No one wants to have to deal with the stress of being hacked. Most of us tries to take some sort of precautions to keep our personal information safe. But why are we so bad at practicing the password security habits that will protect us?
Unfortunately, the fear of hacking often isn’t enough to overcome the issue. But you don’t have to settle for simple, insecure passwords you can have stronger passwords and have peace of mind about logging in to your accounts, too.
If it's easy to remember then it's easy to guess.
One of the biggest mistakes people continue to make is using passwords that are easy to remember therefore too easy to guess. Mostly these passwords contains sensitive information, for example they use the name of the account plus numbers that have a meaning to them, they use different variations of the same dates, etc.). Unfortunately, humans are really bad at coming up with unique passwords that will outsmart hackers and their computer algorithms.
All those quizzes and games of questions you’ve been playing on Facebook? Your responses are a data for someone who wants to social engineer their way into your accounts. Birthdays, names, pets, and more all make terrible passwords. When your passwords are so simple and personal, it’s all too easy for a would-be hacker to take advantage. Also it’s not surprising then that they could guess their significant other’s password. The problem is, if your significant other can guess your passwords, chances are someone else could, too.
Fear makes you do silly things When asked why they continue to use guessable passwords despite warnings not to, most people say they do it because they’re afraid. Mostly people says they’re afraid of forgetting their login information. Also say they want to be in control and know all their passwords. Shortly, if every password were to be long and unique like the security experts recommend, people are afraid they would forget them, and have to deal with resetting them frequently! The fear is preventing you from doing what you know you have to do. The fear makes you think it’s better to use simple, memorable passwords that are the same or mostly the same across all of your accounts. It feels safe, because it feels like you have more control, but that control is just an illusion. In fact, you’re putting yourself at higher risk of hacking and account takeovers, which could cost you a lot of money, time, and a huge violation of your personal privacy.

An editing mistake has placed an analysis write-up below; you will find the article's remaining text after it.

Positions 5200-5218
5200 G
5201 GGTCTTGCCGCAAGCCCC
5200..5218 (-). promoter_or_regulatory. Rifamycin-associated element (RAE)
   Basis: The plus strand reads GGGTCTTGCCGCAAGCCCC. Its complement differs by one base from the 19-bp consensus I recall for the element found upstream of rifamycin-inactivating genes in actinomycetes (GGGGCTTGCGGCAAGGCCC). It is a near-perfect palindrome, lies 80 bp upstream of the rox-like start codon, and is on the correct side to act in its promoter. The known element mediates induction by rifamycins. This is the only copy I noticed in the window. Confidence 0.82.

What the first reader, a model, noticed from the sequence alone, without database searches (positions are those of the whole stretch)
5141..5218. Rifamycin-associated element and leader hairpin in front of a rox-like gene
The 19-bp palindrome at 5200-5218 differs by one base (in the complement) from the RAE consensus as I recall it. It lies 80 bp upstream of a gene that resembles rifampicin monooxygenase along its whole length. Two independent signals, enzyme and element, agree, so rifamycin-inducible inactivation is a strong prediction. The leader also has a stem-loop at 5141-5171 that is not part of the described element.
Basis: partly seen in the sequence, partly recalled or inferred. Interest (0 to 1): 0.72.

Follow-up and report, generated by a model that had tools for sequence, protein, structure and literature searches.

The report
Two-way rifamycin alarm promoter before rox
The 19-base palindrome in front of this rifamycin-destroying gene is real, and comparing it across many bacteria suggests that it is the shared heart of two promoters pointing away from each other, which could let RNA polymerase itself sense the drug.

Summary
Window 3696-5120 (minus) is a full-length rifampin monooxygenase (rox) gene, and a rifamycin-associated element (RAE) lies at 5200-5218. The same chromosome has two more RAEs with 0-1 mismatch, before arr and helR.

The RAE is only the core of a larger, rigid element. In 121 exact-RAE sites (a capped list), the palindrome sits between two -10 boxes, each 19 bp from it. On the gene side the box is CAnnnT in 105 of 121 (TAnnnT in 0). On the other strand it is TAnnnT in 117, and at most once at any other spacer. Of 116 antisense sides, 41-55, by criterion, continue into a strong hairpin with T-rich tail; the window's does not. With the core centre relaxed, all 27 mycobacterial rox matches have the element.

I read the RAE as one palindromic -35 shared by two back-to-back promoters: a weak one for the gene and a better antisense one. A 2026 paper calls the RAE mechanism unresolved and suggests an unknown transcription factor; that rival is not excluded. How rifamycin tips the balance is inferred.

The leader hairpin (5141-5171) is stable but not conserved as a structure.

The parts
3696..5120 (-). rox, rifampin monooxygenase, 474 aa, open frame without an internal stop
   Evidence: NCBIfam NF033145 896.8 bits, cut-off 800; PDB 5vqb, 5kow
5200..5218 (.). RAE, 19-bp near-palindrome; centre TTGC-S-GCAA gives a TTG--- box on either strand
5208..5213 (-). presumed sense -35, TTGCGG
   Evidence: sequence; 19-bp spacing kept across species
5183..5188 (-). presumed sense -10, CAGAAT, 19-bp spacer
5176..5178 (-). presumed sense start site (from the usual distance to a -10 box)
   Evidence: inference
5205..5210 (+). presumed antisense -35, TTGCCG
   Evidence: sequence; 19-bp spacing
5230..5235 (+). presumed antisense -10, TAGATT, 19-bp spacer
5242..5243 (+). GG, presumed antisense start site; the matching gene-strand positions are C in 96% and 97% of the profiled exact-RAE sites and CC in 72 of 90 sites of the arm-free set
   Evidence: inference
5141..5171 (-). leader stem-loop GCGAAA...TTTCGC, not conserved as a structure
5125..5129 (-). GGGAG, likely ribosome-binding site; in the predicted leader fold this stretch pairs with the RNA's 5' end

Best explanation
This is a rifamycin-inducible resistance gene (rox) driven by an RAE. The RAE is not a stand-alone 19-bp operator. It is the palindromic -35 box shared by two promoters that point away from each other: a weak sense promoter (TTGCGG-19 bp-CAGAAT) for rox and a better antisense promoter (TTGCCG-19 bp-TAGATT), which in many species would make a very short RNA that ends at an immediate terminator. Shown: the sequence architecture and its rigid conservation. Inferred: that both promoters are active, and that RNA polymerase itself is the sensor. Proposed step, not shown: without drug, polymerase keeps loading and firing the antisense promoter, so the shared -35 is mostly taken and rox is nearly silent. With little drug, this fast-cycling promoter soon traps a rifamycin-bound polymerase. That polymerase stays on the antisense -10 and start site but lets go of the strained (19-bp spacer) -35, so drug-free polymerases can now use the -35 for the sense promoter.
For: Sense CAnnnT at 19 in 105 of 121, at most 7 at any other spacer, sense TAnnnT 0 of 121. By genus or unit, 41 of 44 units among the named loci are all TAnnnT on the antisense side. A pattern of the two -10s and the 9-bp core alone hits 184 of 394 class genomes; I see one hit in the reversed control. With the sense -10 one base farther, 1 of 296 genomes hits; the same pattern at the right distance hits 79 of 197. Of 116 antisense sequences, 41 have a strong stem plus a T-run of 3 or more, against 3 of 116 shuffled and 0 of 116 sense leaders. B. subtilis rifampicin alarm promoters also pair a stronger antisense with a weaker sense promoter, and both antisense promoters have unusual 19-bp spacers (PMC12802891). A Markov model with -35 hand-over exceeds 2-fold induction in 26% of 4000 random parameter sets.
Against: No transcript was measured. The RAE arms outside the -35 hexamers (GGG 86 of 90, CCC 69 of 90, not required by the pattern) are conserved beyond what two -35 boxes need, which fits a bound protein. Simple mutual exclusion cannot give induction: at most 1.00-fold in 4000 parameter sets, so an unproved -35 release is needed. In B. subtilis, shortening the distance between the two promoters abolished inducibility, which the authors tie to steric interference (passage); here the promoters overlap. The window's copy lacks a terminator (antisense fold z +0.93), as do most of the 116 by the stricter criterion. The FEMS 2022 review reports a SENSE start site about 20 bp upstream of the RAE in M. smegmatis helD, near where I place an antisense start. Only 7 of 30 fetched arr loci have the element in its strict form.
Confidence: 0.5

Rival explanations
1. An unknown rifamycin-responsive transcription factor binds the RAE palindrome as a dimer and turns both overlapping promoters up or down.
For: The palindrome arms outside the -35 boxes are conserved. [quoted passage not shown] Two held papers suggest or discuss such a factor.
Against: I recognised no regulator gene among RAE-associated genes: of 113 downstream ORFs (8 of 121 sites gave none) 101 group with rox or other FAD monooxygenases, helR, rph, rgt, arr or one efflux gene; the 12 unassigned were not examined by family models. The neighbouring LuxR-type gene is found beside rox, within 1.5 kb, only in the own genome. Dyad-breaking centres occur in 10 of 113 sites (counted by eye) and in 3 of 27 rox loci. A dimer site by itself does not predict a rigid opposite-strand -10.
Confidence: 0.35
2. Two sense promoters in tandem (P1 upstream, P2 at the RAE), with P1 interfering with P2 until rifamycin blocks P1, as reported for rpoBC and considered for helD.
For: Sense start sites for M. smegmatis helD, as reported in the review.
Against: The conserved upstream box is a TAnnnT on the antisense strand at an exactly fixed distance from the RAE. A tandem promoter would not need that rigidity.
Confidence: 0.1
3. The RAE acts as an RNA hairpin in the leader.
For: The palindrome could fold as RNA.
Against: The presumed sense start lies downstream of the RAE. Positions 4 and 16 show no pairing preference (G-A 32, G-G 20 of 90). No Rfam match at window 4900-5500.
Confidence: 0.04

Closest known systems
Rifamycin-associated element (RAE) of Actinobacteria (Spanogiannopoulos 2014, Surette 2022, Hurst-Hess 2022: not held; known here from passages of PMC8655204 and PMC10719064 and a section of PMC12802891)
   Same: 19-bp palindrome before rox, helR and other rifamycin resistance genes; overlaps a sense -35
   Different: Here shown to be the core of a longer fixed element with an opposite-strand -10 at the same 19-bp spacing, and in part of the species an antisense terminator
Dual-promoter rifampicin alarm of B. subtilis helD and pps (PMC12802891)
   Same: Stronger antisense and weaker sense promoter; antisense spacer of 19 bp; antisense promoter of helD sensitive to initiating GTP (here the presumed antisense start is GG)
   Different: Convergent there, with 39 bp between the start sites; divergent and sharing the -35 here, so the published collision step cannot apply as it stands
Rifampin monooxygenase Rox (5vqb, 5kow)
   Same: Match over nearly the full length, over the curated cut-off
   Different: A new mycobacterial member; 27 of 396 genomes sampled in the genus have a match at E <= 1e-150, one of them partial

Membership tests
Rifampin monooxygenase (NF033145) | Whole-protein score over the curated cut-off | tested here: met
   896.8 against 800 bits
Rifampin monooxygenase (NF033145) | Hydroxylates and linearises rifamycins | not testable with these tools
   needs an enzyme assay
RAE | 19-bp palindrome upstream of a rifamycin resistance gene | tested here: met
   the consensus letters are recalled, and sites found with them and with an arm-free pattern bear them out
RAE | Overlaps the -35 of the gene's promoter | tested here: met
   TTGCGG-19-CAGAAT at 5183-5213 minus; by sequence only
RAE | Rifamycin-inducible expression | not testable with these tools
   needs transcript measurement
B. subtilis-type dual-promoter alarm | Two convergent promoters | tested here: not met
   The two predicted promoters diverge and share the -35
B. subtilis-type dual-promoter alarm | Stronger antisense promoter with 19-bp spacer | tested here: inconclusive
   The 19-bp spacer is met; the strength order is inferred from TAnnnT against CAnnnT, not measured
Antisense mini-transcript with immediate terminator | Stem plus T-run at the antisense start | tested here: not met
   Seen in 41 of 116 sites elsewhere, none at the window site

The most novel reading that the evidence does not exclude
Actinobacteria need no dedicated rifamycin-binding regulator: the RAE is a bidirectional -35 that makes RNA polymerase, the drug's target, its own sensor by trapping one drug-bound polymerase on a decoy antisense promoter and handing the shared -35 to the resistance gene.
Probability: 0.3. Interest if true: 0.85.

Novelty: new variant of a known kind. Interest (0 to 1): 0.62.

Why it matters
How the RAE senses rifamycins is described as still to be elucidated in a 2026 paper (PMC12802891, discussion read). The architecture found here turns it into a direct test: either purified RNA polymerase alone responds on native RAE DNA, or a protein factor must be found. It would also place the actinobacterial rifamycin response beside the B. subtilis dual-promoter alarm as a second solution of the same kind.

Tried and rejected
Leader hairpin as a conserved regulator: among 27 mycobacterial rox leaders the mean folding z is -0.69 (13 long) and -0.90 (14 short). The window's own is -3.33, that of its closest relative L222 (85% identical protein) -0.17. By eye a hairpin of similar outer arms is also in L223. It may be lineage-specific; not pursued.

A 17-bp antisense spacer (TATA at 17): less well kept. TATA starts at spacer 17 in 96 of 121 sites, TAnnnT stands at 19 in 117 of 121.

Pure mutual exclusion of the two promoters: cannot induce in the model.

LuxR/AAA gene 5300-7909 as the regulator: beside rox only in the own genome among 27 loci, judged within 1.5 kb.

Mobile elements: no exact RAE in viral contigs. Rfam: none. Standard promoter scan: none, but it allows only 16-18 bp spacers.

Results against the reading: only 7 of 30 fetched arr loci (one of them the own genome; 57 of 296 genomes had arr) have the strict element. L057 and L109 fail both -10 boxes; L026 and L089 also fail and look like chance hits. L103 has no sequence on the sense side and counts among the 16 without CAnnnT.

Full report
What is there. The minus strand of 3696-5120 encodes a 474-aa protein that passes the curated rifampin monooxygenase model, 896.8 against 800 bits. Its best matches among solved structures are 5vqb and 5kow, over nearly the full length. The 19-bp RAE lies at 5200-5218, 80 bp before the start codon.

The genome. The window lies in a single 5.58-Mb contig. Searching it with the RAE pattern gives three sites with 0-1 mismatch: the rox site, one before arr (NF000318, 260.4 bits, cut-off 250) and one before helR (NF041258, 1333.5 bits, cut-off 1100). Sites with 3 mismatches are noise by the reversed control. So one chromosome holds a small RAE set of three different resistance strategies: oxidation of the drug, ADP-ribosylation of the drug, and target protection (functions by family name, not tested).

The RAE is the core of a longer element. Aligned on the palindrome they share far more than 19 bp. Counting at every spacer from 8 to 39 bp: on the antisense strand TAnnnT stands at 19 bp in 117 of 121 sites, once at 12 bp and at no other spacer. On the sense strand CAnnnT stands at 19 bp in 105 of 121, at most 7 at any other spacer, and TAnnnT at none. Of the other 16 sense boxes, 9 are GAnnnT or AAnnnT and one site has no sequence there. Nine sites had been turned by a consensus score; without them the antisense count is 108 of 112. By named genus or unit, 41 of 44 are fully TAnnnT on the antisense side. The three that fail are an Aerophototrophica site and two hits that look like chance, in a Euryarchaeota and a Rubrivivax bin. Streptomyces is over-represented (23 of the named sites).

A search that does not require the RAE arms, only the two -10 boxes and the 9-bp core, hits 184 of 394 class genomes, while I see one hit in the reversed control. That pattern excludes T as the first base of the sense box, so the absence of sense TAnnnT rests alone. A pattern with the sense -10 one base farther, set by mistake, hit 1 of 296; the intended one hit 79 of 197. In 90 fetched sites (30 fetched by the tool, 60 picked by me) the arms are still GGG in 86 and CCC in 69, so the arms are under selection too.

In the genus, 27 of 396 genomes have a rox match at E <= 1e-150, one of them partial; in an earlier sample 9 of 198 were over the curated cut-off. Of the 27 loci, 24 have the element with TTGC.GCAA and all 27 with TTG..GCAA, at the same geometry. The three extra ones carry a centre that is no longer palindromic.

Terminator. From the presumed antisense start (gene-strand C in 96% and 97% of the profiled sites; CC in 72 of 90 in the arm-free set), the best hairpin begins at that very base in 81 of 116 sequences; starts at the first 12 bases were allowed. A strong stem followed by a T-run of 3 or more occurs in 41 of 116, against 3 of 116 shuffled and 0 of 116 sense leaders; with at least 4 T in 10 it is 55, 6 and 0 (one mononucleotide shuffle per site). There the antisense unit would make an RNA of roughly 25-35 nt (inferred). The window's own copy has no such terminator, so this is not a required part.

Creating all passwords with a password generator The best way to avoid guessable passwords is by using a password generator to create every single password. A password generator relies on a computer algorithm – not faulty human logic! – to create totally unique, long, strong passwords. Every single account can have its own password. No two accounts need to share a password.
But what about remembering all of those passwords? A password manager is perfect for safely storing passwords and retrieving those passwords when you need them. Most password managers, like Eluvium, will detect login forms and fill login information for you, so you don’t even have to think about the password you need or go look it up. Accounts are stored in a searchable, easy-to-use digital vault, so you can feel in control of all of your passwords at all times, no matter what device you’re using. With so much of our work and socializing moving online now, it’s more important than ever to ditch bad password practices. View our full Psychology of Passwords infographic and report to discover more ways your peers are putting themselves at risk online. Are you falling into any of the same traps?